Boards in Information Governance

Forthcoming,University of Pennsylvania Journal of Business Law

NYLS Legal Studies Research Paper No. 3689145

80 Pages Posted: 11 Sep 2020

See all articles by Faith Stevelman

Faith Stevelman

New York Law School

Sarah C. Haan

Washington and Lee University - School of Law

Multiple version iconThere are 3 versions of this paper

Date Written: September 1, 2020


This Article focuses on the evolving role of the board of directors.It charts the decline of two leading, twentieth-century frameworks shaping boards' roles: agency-cost theory, which produced the limited “monitoring board,” and“separate realms” theory, which ceded board responsibility for all matters other than profit maximization to government regulation. Hedge fund activism and wild stock market swings have exposed the limits of the board’s role in agency-cost theory. A pandemic, economic crises, investor demands for socially-responsible stewardship, and firms' own active political spending have rendered separate realms thinking untenable.

Much theorizing in corporate law remains constrained by these twin constructs. But as we demonstrate, technology, necessity,and law reform are moving boards beyond them.In spring 2020, the economic shocks of the COVID-19 pandemic sent public company boards into high gear, forcing them to look beyond stock prices to engage the firm’s full capacity for information gathering and synthesis, and to actively command the firm’s systems of internal and external communication.Yet even before a global pandemic placed heightened demands on boards,a two-decade trend toward information-based governance was well underway, catalyzed by new technology,legal requirements, industry best practices, committee charters, fiduciary duties, and investor demands. The shift is observable, for example,in the overhaul of the regulatory frameworks compelling audit committees’ increased participation in financial reporting. It is evident in legal requirements compelling greater board participation in risk management,legal compliance,and ESG oversight.These requirements are, in turn,fostering directors' capacity to participate in strategy formation o na superior footing—a prerequisite for boards responding adeptly to activists' interventions and stock price gyrations.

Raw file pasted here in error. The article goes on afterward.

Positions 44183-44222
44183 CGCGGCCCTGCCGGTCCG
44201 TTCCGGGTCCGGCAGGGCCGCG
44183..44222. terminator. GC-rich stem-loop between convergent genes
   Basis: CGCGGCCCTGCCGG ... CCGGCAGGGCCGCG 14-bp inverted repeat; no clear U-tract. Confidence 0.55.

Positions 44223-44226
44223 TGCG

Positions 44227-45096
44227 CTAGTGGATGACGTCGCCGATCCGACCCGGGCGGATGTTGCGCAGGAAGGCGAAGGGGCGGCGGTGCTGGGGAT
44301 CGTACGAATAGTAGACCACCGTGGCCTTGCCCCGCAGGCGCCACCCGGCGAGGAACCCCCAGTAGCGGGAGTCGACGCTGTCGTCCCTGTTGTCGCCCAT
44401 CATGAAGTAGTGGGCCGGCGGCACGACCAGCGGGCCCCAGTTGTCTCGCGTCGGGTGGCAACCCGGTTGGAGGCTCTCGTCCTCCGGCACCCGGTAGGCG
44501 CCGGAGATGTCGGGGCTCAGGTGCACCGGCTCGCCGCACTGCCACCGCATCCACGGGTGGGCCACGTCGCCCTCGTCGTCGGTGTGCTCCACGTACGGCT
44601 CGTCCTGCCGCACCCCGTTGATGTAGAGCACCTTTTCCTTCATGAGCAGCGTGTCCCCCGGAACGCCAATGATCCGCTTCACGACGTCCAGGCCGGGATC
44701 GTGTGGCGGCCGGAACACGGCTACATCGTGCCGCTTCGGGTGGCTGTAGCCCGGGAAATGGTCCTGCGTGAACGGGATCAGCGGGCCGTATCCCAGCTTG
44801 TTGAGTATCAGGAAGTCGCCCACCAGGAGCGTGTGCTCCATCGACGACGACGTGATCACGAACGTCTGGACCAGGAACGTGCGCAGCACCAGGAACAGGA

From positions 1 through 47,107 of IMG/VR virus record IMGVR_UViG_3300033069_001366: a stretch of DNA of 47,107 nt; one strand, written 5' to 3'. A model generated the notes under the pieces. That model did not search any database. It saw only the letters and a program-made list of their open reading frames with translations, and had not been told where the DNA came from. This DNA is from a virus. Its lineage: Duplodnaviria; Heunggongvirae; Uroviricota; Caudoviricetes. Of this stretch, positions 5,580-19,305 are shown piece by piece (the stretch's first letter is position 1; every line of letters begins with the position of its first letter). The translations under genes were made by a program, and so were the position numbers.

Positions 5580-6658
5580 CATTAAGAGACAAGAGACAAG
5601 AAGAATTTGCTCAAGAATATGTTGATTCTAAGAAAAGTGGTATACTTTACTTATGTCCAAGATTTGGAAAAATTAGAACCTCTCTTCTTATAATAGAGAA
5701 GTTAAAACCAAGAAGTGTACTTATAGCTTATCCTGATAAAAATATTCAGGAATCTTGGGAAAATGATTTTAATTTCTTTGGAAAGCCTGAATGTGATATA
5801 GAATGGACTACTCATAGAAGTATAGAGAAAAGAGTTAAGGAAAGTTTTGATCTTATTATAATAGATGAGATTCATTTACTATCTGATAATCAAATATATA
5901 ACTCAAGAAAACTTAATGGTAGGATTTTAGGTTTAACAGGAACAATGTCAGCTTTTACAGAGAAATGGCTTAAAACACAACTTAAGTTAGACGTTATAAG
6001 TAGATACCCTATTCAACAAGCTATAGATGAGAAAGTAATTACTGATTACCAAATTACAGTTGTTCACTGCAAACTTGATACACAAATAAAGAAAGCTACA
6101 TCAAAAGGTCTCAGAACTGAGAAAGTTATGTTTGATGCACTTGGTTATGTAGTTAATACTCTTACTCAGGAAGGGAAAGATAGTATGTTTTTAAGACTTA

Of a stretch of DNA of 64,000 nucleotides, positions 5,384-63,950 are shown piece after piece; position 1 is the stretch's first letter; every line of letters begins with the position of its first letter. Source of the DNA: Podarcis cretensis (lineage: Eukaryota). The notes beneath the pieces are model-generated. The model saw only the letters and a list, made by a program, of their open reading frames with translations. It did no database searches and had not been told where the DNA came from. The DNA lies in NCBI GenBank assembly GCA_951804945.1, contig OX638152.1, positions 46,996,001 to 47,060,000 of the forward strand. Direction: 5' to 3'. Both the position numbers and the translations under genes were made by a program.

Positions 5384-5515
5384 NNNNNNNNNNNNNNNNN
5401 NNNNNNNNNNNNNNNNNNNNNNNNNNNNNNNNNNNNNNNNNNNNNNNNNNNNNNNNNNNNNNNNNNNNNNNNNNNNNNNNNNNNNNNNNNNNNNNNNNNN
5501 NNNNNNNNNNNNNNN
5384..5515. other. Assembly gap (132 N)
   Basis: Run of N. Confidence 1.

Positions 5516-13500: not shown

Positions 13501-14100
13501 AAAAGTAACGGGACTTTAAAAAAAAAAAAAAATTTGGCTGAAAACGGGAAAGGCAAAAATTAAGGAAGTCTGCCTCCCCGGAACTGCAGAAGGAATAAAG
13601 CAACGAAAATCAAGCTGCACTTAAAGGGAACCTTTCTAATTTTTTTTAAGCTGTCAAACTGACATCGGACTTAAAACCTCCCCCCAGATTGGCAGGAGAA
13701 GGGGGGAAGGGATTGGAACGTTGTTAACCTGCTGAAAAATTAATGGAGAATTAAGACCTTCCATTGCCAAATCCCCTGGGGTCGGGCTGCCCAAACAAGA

We name this new model of board governance “informational governance” to capture the board’s agency in data gathering and synthesis, deliberation, and reporting processes as constitutive of the firm’s status. Informational governance highlights a leadership role for boards in driving communicative action in firms—the active framing, synthesis and deployment of the firm’s self-knowledge. In this respect, we discern and emphasize an affirmative, value-creating role for boards that has been discouraged by agency theory's “monitoring board” conceit. We analyze areas of ongoing legal flux and evolution based on the new, technologically-enhanced, information-rich paradigm we identify.

Keywords: COVID-19, Pandemic

Suggested Citation

Stevelman, Faith and Haan, Sarah C., Boards in Information Governance (September 1, 2020). Forthcoming,University of Pennsylvania Journal of Business Law, NYLS Legal Studies Research Paper No. 3689145, Available at SSRN: or

Faith Stevelman (Contact Author)

New York Law School ( email )

185 West Broadway
New York, NY 10013
United States
212-431-2197 (Phone)
212-431-1830 (Fax)


Sarah C. Haan

Washington and Lee University - School of Law ( email )

Lexington, VA 24450
United States

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